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The language of the law. Part Latin, part Greek, part law French, even part Anglo-Saxon. And all confusing.

The Legal Genealogist assures you, dear reader: the relationship didn’t morph in all the years of Clarence Wells’ life.

Joe Wells is clearly the name in the box for father’s name on the death certificate of Clarence Walter Wells, who was born in North Carolina in 1898 and died there in 1966.1

The same Joe Wells who had the two-year-old son Clarence enumerated in his household in 1900,2 and in 1920.3

The same Joe D. Wells shown as the father on Clarence’s World War I draft registration form.4

And the same Joseph D. Wells who shows up in the records of the Superior Court of Gaston County, North Carolina, in April of 1906 as the “next friend” of Clarence Wells, in an action for damages against the Loray Mills.5

Wells v. Loray Mills caption

No, Joe Wells didn’t stop being Clarence’s father.

So… what’s with this “next friend” bit?

The law dictionary definition of the term is a “person, usually a relative, not appointed by the court, in whose name suit is brought by an infant, married woman, or other person not sui juris.”6

Which would be a lot more helpful if it didn’t mean going off to determine that sui juris means “of his own right; possessing full social and civil rights; not under any legal disability, or the power of another, or guardianship. Having capacity to manage one’s own affairs; not under legal disability to act for one’s self.”7

Meaning the next friend is needed for somebody not competent to act for himself or herself.

Which is why it’s sometimes better to look at sources beyond the usual-suspect law dictionaries, like Wex, the “community-built, freely available legal dictionary and legal encyclopedia” of Cornell Law School’s Legal Information Institute.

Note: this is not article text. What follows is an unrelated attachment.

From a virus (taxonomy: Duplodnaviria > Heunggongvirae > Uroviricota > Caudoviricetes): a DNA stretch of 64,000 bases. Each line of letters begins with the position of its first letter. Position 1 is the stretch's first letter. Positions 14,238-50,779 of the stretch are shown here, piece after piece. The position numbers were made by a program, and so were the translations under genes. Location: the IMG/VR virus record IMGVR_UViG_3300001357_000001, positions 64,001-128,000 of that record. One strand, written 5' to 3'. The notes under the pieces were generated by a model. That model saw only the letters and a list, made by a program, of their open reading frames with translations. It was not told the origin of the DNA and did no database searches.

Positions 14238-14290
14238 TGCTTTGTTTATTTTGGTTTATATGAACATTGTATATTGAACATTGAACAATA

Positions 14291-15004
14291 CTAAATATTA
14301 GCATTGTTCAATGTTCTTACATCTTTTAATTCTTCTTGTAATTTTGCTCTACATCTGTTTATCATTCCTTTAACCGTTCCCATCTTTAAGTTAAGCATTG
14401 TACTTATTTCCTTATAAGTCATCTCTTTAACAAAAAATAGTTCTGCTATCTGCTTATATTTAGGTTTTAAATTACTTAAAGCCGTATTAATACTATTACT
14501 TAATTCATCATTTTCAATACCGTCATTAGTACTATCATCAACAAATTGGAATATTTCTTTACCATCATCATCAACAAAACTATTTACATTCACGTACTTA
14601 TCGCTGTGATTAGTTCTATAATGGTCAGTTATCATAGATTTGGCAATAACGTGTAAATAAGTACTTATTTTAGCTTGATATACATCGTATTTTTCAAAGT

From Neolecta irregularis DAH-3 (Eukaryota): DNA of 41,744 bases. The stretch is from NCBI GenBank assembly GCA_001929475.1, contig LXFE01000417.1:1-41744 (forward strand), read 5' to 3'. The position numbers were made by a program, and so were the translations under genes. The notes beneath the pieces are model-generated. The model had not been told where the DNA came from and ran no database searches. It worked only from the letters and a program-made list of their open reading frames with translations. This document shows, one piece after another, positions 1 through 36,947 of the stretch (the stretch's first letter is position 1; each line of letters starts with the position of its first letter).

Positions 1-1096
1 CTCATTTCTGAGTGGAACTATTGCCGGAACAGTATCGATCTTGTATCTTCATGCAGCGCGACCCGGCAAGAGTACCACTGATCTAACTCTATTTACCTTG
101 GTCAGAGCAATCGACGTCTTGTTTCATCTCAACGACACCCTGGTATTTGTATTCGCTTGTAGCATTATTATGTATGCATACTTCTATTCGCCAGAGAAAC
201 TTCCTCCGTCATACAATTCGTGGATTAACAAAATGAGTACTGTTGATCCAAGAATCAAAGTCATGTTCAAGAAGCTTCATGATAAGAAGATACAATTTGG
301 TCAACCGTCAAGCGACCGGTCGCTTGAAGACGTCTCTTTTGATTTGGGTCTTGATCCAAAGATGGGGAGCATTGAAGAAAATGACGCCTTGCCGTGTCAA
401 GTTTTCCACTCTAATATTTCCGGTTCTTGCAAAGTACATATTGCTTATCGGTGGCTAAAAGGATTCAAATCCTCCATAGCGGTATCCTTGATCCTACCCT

Because there the explanation is pretty straightforward. A next friend is:

Someone who appears in court in place of another who is not competent to do so, usually because they are a minor or are considered incompetent. Often the role is filled by a parent or other relative; it can be any legally-competent person whose interests do not run counter to those of the person on whose behalf they are acting. The “next friend” is not a party to the proceeding, nor are they a formally-appointed guardian. Instead, they are considered an agent of the court whose role is to protect the rights of the incompetent person.8

So Joe Wells really was Clarence’s father, not just a friend.

He was simply the competent adult representing Clarence’s interests, just as most next friends in court, land and other records we encounter as genealogists are family members of some stripe of the minors, married women, and other legally incompetent folks on whose behalf they act.9

Yes, it’s a matter of friendship.

But only in the language of the law.

Cite/link to this post: Judy G. Russell, “A matter of friendship,” The Legal Genealogist ( : posted 15 June 2022).


  1. North Carolina State Board of Health, death certif. no. 11153, Clarence Walter Wells (1966); digital images, “North Carolina, U.S., Death Certificates, 1909-1976,” ( : accessed 15 June 2022).
  2. 1900 U.S. census, Rutherford County, North Carolina, population schedule, Colfax, enumeration district (ED) 132, p. 58B (stamped), dwelling/family 161, Clarance Wells in Joseph Wells household; digital image, ( : accessed 15 June 2022); imaged from NARA microfilm T623, roll 1216.
  3. 1920 U.S. census, Rutherford County, North Carolina, population schedule, Colfax, enumeration district (ED) 156, p. 42A (stamped), dwelling/family 3, Clarance Wells in J.D. Wells household; digital image, ( : accessed 15 June 2022); imaged from NARA microfilm T625, roll 1321.
  4. Registration Card, Clearance Walter Wells, 12 Sep 1918, Rutherford County, North Carolina; digital images, “U.S., World War I Draft Registration Cards, 1917-1918,” ( : accessed 15 June 2022).
  5. See Wells v. Loray Mills, Gaston County (N.C.), Superior Court, Miscellaneous Records, 1847-1910, C.R.040.928.001; North Carolina State Archives, Raleigh.
  6. Henry Campbell Black, A Dictionary of Law (St. Paul, Minn. : West, 1891), 813, “next friend.”
  7. Ibid., 1185, “sui juris.”
  8. Wex, Legal Information Institute, Cornell Law School ( : accessed 15 June 2022), “Next friend.”
  9. Yes, married women were considered legally incompetent to act on their own behalf for many years. Right into the 20th century in many jurisdictions. Really.
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